One evening, at a Chinese restaurant, Clemente, in that sandpapery voice of his, shares startling news. He’s going to be CEO of Oddcast. What?! Hadn’t we had a conversation? In the back of a cab? Hadn’t he invited me to his Upper West Side apartment – the eerie one with nothing but a bed, a lamp, a family photo? Where we discussed it again? Somehow I was certain Clemente was destined to take over KNation. In fact, I’d lately been telling people he was my CEO! (“I thought it was the strongest element of your business plan,” said my forlorn intern.)

Apparently, though, Adi flew to Palm Springs, met Clemente’s wife, and then put it to him. I could just imagine how he said it: “Pe-e-ter, we want you to be our CEO.” (Conveniently, Clemente’s employer had withdrawn its public offering.)

When, sulkily, I tell Consigliere that Oddcast nabbed Clemente, he puts a good face on the news. “That can’t be bad for KNation,” he says. (For a depressive, he can be annoyingly upbeat.)

To me, though, it seems calamitous. I’m over a barrel. I’d started this as a romp, a fun thing to do with friends. Lately, I have needs, a pile of them, and they are terrible, insistent things; and now my friends aren’t quite on my side anymore.

Clemente calls frequently. He imagines that KNation could be a division of Oddcast. Or a product line. He has all kinds of ideas. “Yes, yes,” I respond enthusiastically. Business is a bit of a con. Truth is, I feel a bit desperate. I now need Oddcast more than ever – and Clemente, too.

Suddenly, we are a trio – Adi, Clemente, and I attend meetings with prospective clients. Danny Goldberg, signer of Nirvana, ex-head of Atlantic Records, now chief of his own small record label, has a somewhat offbeat reaction. “I don’t give a fuck about the Internet,” he says, then walks out, showing us the saggy backside of his jeans.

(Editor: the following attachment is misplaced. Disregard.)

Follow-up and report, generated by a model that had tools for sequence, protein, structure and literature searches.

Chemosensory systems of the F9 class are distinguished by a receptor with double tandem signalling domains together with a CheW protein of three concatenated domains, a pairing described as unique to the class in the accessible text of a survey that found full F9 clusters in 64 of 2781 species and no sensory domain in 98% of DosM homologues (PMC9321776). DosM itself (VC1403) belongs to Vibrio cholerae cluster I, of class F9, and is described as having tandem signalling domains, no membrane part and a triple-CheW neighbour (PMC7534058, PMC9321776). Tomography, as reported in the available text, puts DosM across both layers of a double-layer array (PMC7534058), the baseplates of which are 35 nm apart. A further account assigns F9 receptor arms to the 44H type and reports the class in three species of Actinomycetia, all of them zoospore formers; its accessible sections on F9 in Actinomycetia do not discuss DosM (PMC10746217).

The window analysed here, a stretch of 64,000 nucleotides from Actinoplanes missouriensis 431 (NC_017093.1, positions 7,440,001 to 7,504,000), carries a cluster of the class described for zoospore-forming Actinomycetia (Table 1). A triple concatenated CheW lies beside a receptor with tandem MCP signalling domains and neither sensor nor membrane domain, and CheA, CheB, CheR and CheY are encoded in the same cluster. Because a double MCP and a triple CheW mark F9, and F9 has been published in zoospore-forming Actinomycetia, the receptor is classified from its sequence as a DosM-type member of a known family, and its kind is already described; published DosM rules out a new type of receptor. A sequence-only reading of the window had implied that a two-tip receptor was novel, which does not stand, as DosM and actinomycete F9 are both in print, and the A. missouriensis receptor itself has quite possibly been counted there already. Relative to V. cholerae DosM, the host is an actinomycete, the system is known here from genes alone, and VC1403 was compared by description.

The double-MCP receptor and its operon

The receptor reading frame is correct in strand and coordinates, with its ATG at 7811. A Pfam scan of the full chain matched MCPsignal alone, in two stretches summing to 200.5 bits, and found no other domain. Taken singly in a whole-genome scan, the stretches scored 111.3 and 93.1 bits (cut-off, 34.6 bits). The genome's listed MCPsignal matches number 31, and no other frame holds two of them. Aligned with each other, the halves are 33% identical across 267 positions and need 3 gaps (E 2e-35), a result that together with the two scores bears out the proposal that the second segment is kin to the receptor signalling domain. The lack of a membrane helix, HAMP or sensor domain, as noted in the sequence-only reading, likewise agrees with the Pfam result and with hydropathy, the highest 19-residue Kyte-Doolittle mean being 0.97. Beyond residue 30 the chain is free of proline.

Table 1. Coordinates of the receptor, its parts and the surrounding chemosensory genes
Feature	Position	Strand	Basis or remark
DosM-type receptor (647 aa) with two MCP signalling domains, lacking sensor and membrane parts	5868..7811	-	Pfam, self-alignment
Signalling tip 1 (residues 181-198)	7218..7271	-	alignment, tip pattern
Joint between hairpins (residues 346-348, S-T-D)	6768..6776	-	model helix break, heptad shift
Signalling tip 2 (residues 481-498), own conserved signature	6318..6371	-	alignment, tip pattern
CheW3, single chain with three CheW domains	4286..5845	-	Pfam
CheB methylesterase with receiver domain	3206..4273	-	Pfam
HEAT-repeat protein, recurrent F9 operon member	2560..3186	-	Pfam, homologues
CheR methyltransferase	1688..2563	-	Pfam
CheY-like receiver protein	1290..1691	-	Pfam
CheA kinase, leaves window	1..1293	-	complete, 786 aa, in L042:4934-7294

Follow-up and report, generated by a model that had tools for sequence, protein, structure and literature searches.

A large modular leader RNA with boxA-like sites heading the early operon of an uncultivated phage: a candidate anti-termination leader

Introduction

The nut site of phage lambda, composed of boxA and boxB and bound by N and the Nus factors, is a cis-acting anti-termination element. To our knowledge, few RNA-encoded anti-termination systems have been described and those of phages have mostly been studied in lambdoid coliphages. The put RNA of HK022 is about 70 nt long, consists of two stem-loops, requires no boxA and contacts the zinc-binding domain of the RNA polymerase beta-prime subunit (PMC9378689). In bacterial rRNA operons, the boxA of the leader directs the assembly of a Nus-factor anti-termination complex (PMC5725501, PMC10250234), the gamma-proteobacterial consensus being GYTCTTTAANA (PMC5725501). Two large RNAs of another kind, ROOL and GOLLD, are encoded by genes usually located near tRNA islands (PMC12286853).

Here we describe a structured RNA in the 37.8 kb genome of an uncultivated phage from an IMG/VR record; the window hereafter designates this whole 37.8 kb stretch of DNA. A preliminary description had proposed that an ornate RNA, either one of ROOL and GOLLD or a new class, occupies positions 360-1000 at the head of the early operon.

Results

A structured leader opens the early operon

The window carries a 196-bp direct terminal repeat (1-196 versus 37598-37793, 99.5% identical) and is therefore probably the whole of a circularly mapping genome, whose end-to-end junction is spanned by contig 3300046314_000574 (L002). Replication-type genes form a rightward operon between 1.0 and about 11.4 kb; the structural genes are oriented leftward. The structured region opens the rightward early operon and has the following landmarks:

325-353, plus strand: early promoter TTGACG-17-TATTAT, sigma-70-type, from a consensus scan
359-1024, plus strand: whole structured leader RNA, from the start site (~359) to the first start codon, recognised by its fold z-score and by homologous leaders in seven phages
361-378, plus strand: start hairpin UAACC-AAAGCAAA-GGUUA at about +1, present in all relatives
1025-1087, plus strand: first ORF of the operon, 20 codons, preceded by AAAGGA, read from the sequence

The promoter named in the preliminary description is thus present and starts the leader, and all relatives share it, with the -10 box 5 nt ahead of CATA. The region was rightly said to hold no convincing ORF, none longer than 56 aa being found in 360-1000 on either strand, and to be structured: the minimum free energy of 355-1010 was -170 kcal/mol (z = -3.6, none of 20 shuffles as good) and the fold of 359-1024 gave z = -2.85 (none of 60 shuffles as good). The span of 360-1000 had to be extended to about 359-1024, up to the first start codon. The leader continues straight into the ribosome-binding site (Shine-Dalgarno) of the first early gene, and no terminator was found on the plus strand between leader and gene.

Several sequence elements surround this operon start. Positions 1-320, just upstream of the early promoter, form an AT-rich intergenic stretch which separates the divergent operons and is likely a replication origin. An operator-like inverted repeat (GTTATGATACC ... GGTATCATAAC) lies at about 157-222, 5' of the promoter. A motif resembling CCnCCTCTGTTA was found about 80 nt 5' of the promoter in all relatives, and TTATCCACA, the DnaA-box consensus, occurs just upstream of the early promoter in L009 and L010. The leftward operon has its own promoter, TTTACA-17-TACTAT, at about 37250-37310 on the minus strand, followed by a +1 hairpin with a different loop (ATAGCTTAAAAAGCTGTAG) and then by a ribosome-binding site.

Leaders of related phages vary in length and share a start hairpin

Other meetings go better. Jerry provides an introduction to Urban Box Office, one of his companies, which, with its 300 employees, would like to be a black AOL. CEO Adam Kidron immediately suggests ways to incorporate karaoke onto his site, and he loves the VideoMixer. It’s a great meeting and so is hookt.com, which has amalgamated Puff Daddy’s and Slim Shady’s sites. I know hookt co-founder Chas Walker used to pride himself on brusqueness. In our meeting, though, he is warm, affable. (And in fact, a week later, we end up in a chummy embrace outside his office – though, on reflection, I may have botched the handshake.) As Adi’s demonstration gets under way, Walker excitedly pulls people into the meeting. Then he says, “Where do we go now?”

Once outside, I’m buoyant. “Good news,” I say. Adi, typically serene, says, “We hope all news is good news.” Apparently, he’s been in hot meetings before and then nothing happened. One thing, though, does happen. Clemente wants Oddcast and KNation to come to an agreement.